This, too, ties back into demographic trends: Do Millennials want a parking space or do they want adjacent retail shops, movie theaters, restaurants and so on? If it’s the latter, we can safely assume that apartments—particularly those located in urban core areas—will be even more attractive to young renters.
Of course, the economy is a large factor in driving housing decisions. Job growth is the key variable that predicts apartment rent and occupancy growth. When the number of jobs grows in a particular metro, more people come to the metro to take those jobs —and a sizable portion of those job-holders will be renters. In short, when the economy is doing well, so is the apartment market.
So, when we think about the future economy, we need to consider the role of demographics and the business cycle. Starting with demographics, Denton said: “Our country is based on growth, and if you look at Millennials, they are waiting longer to have kids, and when they do they are having fewer of them. That means we are not building up our population enough, so we will have to draw on people from other countries.”
In other words, if we are not increasing the population today, then future demand for apartments will suffer as fewer individuals occupy that prime renter age group.
Never far from anyone’s mind is the threat of another recession. As Denton described, “If the economy takes another downturn in the next two or three years, is that another black eye for the single-family home industry? Does the single-family space get hit with a double whammy?”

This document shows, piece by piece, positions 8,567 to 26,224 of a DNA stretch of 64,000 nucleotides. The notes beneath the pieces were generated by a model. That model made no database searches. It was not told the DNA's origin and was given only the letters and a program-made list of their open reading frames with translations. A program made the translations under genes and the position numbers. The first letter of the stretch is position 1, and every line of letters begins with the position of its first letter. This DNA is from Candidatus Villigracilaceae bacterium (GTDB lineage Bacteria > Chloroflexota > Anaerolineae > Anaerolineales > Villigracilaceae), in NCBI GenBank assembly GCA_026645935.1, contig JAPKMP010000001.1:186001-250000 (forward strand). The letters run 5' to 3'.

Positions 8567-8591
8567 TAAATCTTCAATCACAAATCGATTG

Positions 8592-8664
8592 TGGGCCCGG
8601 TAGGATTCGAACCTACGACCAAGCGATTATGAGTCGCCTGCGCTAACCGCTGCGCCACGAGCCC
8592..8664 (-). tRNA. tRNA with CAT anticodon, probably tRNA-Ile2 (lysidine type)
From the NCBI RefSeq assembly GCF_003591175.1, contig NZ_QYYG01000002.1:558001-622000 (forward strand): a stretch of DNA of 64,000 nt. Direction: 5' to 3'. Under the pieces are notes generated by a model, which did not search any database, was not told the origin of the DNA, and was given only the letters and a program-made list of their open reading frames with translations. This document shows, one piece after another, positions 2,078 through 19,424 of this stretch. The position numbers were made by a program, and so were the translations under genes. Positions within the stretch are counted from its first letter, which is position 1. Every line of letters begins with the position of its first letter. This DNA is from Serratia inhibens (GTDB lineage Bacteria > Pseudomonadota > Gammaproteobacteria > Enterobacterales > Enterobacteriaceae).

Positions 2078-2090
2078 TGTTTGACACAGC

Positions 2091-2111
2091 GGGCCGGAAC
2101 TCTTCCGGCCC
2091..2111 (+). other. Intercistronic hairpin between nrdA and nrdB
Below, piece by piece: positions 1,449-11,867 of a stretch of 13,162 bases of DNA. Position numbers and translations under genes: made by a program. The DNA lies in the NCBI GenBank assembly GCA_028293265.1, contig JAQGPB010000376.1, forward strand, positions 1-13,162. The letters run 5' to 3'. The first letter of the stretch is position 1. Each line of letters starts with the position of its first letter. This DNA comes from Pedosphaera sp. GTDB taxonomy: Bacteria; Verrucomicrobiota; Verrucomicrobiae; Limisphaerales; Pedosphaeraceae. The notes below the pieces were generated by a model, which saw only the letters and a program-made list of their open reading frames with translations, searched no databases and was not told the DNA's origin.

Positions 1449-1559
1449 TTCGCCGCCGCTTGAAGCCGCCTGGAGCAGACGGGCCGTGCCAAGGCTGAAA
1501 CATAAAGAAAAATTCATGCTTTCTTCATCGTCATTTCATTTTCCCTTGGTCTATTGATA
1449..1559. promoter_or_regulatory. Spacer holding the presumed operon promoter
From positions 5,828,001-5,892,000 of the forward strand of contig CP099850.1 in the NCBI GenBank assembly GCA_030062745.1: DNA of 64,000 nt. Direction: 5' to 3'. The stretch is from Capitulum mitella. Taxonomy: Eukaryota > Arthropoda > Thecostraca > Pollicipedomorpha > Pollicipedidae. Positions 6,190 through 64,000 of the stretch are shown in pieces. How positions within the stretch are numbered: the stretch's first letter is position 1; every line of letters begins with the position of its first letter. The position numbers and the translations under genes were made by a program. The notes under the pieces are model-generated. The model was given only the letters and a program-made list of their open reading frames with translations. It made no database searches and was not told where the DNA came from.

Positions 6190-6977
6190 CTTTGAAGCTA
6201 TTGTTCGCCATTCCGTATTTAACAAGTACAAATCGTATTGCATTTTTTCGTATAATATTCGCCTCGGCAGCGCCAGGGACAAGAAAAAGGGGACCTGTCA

Another recession in the near future could have two medium- and long-term effects.
- In the medium-term, it will only further sour younger Americans on homeownership. What is the point in trying to build home equity if there is a deep downturn once a decade?
- The long-term effects could be similar, but their impact will be protracted: For the youngest Millennials alive today, what does it mean to have your formative years colored by deep recessions? Will single-family homes become even less desirable than they might be for the older Millennials? Time will tell.
The future is unknowable, and we aren’t presumptuous enough to say that we have some special insight into what the future holds for the apartment industry. We can forecast the key supply and demand variables in the apartment market five years into the future, and we can do so with a considerable degree of accuracy.
But all predictions are necessarily imperfect. What analysts and observers should be doing is asking the sorts of questions raised in this post: questions about the replicability of historical trends, demographic changes, technological disruptions and so on.
All the better to ask these questions now so that the future can be accommodated rather than resisted.
Author: Louis Rosenthal, Axiometrics real estate analyst